You can’t prove a false-statements charge unless it is established that the investigating agency was fooled by the lie. In Sussmann’s trial, the proof showed that the cover story did not fool the FBI; it enabled the FBI, which was second only to the Clinton campaign in its commitment to pursuing the Trump-Russia “collusion” tale.

    I don’t think you needed to prove that the investigating agency was fooled by the lie. You have to prove that the lie mattered.

    And it did.

    There were internal lies within the FBI and they needed support. Not everyone in the FBI was part of a political conspiracy, nor could they be sure there wouldn’t be a price for them to pay if different people occupied federal office. Some higher-ups in the FBI needed the denial on the record, even if it was implausible.

    So it was material.

    Sammy Finkelman (1d215a)

  40. I think the jury in the Johnny Depp and Amber Heard case probably, in general, reached the right decision.

    They found them both liable for defaming each other.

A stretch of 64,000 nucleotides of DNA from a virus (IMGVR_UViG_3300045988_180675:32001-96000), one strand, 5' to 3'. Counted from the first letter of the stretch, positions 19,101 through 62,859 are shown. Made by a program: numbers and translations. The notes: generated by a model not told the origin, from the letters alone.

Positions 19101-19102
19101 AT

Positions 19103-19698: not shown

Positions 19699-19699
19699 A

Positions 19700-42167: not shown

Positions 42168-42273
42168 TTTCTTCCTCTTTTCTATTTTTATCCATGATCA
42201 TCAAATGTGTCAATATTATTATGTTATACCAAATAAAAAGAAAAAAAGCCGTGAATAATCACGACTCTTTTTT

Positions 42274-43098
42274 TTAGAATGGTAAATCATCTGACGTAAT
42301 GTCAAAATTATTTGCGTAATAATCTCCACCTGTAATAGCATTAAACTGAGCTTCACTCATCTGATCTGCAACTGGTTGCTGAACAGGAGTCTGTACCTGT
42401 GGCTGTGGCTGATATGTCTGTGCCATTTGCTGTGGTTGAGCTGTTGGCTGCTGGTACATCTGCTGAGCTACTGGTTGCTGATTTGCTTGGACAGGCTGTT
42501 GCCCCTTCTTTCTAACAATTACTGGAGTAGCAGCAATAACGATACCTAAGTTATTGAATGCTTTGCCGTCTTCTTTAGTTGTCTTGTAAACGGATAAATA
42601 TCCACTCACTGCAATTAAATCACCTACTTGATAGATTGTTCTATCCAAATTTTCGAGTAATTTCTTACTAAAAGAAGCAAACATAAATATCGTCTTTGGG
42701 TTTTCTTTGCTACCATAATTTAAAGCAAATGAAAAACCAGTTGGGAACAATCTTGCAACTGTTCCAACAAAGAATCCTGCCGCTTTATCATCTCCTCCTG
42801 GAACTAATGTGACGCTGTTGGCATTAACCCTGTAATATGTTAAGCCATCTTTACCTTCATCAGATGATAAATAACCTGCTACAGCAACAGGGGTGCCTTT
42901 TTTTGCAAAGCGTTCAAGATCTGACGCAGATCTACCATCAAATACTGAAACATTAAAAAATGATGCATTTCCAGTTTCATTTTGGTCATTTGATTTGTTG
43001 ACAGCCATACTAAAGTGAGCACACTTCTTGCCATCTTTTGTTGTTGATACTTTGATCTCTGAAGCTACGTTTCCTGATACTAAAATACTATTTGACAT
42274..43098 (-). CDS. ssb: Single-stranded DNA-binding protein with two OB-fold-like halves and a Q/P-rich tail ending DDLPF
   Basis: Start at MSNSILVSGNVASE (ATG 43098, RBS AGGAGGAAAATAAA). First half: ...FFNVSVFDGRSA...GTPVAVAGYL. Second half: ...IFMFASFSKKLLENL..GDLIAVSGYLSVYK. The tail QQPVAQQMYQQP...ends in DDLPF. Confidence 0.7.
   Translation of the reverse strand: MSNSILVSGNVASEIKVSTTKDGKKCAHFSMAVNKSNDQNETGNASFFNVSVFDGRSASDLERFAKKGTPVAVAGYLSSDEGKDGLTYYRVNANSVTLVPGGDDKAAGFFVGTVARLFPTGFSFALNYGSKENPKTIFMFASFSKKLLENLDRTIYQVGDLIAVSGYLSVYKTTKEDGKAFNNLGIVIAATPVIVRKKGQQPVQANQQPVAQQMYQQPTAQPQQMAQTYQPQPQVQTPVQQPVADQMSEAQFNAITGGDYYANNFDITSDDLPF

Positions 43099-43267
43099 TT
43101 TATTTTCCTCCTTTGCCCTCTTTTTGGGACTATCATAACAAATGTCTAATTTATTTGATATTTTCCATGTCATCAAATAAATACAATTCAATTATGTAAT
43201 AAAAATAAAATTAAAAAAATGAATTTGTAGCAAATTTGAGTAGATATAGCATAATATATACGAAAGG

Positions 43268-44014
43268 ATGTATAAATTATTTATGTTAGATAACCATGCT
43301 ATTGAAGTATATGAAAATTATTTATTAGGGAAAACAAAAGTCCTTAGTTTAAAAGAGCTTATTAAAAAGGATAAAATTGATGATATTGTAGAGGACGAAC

Johnny Depp was awarded $15 million in compensation and Amber Heard was awarded $2 million.

    Sammy Finkelman (1d215a)

  41. Johnny Depp was awarded $15 million in compensation and Amber Heard was awarded $2 million.

    Depp’s punitive damages of $5M were downgraded to the Virginia statutory maximum of $350K.

    They both should have received a $1. They deserved each other.

    Rip Murdock (d2a2a8)

  42. @22 Time: not according to the transcript.

    You do know people take a plea deal, even if they believe they were innocent because of the gamble of going to court they could face even more severe penalty… is a thing right?

    Again, the biggest issue here is that the FBI is continually shown to be susceptible to partisan abuses. We should all be very concerned about that.

    whembly (7e0293)

  43. DC jury, yeah, they’d convict a sleaze ball Democrat.

    Strassel has it right. All that could rationally be expected was that those involved at the top would be exposed for what they approved. And that did happen.